I've recently noticed something about the pattern of three 'fourteen' generations given in Mt 1:17. I translate it in various ways, one of which is:
So fourteen is the total number of generations from Abraham to David, and again from David to the Babylonian Exile fourteen generations, and then from the Babylonian Exile to the Messiah it is fourteen generations.
Previously I mentioned that I follow Herbert Basser's excellent commentary here, namely, the three fourteens are related to "the rabbinic traditions that speak of the cycle of the moon":
We can now discern that Matthew's genealogy rises to the height, or fullness, with David in the fourteenth generation, after which, starting with Solomon, the genealogy descends through fourteen more generations to the lowest point, or the darkness of moonless nights, that is the Exile. And fourteen generations after the darkness of Exile, like the moon in its nightly waxing, the genealogy again rises to the height, or fullness, which is Jesus. According to this scenario, both David and Jesus are at “full moon” positions in a complete fourteen/fifteen generation-repeating cycle. (pages 31-32)
I can now say even more. Firstly, the pattern of three fourteens is meant to highlight the fourteenth item as the culmination of each segment.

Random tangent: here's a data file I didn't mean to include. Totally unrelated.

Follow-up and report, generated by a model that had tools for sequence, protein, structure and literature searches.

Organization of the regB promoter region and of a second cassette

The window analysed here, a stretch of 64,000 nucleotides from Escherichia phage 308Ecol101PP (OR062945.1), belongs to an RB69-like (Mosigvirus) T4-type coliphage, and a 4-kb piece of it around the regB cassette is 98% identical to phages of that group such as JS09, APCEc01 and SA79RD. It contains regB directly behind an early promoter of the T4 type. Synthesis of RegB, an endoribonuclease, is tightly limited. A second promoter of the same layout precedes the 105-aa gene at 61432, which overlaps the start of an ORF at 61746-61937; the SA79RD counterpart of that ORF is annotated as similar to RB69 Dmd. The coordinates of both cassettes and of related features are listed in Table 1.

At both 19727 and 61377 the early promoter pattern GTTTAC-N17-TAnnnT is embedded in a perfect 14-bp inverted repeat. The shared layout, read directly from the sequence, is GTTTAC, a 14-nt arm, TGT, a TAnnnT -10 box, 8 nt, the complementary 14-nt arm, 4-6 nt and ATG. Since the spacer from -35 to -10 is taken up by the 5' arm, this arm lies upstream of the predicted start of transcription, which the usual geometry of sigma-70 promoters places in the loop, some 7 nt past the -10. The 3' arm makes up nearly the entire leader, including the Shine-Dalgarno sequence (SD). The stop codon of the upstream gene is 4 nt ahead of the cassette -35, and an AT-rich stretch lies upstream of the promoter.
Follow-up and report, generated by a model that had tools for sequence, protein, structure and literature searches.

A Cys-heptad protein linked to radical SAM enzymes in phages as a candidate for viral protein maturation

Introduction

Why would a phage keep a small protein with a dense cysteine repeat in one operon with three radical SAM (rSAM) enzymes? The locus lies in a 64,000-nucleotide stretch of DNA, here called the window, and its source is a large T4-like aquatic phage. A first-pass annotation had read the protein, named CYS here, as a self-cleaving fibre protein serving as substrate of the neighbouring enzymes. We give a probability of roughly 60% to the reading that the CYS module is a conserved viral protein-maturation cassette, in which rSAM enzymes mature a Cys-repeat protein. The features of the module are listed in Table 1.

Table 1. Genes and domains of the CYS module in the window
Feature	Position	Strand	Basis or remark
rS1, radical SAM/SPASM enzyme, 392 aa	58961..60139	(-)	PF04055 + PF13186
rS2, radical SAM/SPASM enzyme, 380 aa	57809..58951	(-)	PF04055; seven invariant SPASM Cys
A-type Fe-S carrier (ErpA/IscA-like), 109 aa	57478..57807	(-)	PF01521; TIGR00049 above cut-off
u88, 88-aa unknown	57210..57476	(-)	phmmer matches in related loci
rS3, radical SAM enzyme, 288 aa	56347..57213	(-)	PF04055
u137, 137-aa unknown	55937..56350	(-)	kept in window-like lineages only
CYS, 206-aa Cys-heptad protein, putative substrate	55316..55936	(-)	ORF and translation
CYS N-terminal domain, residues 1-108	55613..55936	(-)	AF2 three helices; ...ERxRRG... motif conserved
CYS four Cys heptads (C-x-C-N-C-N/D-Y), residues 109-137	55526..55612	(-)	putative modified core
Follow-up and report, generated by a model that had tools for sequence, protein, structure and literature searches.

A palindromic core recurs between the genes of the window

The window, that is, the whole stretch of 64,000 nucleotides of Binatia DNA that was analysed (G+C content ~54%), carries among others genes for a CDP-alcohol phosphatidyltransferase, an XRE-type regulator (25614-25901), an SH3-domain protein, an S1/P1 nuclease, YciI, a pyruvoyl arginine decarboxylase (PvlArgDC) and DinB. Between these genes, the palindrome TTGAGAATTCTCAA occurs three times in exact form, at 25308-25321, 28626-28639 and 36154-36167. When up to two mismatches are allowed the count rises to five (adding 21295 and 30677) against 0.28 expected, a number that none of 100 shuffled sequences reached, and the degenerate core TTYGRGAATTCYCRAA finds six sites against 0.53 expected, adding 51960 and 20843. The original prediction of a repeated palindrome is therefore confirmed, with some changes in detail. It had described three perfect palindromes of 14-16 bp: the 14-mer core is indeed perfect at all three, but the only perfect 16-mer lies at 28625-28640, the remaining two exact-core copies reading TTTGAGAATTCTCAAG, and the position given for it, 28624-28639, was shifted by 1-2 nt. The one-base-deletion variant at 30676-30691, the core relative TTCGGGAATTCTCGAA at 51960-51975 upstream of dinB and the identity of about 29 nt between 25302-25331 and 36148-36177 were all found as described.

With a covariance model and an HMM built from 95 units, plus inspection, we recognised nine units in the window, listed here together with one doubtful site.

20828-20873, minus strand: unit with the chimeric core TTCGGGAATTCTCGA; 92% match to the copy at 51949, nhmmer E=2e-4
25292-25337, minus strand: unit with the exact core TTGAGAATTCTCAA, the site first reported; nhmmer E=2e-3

Namely, the segmentation each start as: "From Abraham ... From David ... From the Babylonian Exile".  The segment endings are: "Until David ... Until the Babylonian Exile ... Until the Messiah" (the end of the previous segment forms also the beginning of the following segment, which means Jechoniah gets counted twice).

The most interesting consequence of this 'imposed' structure is the implication that the exile had not yet come to an end until the appearance of the Messiah

I have only just noticed how clear this is.

The idea that the Messiah brings an end to exile seems to have been important in other (Christian) first-century Messianic interpretations. N. T. Wright (influenced by E. P. Sanders) argues that even many Jews (not just diaspora Jews) still thought that they were living in a time of exile in their own land (under foreign rule/Roman occupation of the land).

Whilst I have heard people arguing for (and against) the (widespread?) notion that the exile was not actually over (until the Messiah comes), I haven't yet found anyone who points out that this point is being made by Mt 1:17, namely, by pointing out the significance of three fourteens.

So far as I know the closest commentary here is that of Jeannine K. Brown:
According to Matthew's shaping of the genealogy, Jesus is God's agent who brings restoration from Israel's physical and spiritual exile. The time of God's final restoration has finally begun. [Matthew, Grand Rapids: BakerBooks, 2015]
I think Brown's conclusion (p14) of Matthew 1 is correct. It is basically her "primary theme" driving the passage (or "Big Idea" of Mt 1:1-17) but even Brown does not explicitly connect this conclusion with the "three sets of fourteen" as explained in Mt 1:17. Instead she seems to favour the more popular view that three fourteens are due to 'gematria', to symbolise the name 'David' in Hebrew, that is, D=4 [+] V=6 [+] D=4.

Now according to Mt 1:17 the generations are said to 'total' 'three (sets of) fourteen'. Since 14 is simply two 7s, and the number 7 usually signifies a certain degree of 'completion' (just as the number of 7 days completes a week), it is natural to see the author's use of 'total' and 'fourteen' in relation to his interest in 'fulfillment'.